Farm: Finca San Francisco
Owner: Martin Gadea
Altitude: 1,300 m.a.s.l.
Process: Fully washed, dried on raised beds
Medium body, subtle complexity with good sweetness and an interesting savoury character, flavours of malt, roasted vegetables and peanuts.
Martin Gadea has been a well-known coffee farmer in the Nicaraguan town of Jïguina for many years. He is widely recognised for his expertise in production methods and respected for his keen eye for the market, skills that have helped him to grow as a coffee farmer over the past 30 years.
Martin inherited San Francisco from his father, with whom he used to work the farm. Together, the two men established and cared for the farm’s plantations of Caturra and Catuaí trees. They also planted together some much loved Maragogype trees. Shade is provided by abundant guava and orange trees. In the early days Martin used to work in a cooperative, and later he even tried organic coffee farming. He finally settled with specialty coffee farming some years ago, the one and only way to achieve higher prices he says. Although it requires more stringent attention to detail, the results are better.
In 2014 Martin went to the SCAA conference in Seattle by himself, without knowing a soul there. He wanted to better understand for himself what specialty coffee was all about from the consumer perspective. During that same trip he also visited San Francisco, his favourite city. However, this is not the event that culminated in the farm’s name. Rather, the Finca was named after his grandfather Francisco.
All San Francisco’s coffee is processed at the farm’s own wet mill. Only the ripest and most perfect cherries are picked during the harvest. These are delivered immediately to the wet mill and are sorted again to remove any renegade under-ripe or damaged cherries. The cherries are then pulped and fermented in wooden tanks for between 12 to 24 hours depending on the climate at the time. After fermentation, the coffee is fully washed in tiled channels with clean water until all traces of mucilage are removed. Special attention is given to separating the different parts of each day's production as it is washed through the washing channel. The 'head' and 'tail' of each lot are considered to be of inferior quality and are kept separate from the other parchment.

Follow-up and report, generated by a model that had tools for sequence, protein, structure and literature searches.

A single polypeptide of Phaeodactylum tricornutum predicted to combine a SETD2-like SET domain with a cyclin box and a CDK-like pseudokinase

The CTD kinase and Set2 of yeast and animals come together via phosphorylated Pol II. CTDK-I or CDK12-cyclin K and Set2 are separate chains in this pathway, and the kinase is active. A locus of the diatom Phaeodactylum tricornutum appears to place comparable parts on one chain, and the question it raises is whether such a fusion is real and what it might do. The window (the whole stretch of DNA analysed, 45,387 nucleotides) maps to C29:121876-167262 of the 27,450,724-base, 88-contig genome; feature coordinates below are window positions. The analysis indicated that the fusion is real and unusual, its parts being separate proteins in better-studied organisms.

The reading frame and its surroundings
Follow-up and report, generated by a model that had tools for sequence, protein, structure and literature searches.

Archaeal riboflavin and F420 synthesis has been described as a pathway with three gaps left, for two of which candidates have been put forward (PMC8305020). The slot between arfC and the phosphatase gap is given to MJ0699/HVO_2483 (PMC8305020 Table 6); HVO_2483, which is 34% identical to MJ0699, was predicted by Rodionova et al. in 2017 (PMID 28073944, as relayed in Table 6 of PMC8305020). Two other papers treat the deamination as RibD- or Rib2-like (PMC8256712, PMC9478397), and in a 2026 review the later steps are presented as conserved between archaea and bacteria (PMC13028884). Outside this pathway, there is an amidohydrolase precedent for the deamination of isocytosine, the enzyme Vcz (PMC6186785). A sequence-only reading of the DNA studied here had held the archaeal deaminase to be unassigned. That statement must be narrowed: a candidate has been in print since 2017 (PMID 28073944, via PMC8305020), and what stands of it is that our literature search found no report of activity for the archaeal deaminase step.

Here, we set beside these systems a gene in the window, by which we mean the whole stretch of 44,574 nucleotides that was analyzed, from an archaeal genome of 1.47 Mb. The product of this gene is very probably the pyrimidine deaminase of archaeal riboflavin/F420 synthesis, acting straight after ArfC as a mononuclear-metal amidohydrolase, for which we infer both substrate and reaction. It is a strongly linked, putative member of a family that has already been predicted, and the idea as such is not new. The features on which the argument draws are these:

After washing, the wet parchment is drained and then packed to be delivered daily to a collection centre in Jinotega (30 minutes drive). From there it is delivered, together with the parchment of other coffee farmers in the area, to the dry mill in Ocotal (2 hours). Here, in the dry mill’s pristine conditions, the parchment is dried on shaded African beds. The cooler temperature created by the shade allows the coffee to dry slowly, hastened along by airflow as opposed to direct heat from the sun. Direct heat can cause stress to the beans and reduce shelf life.
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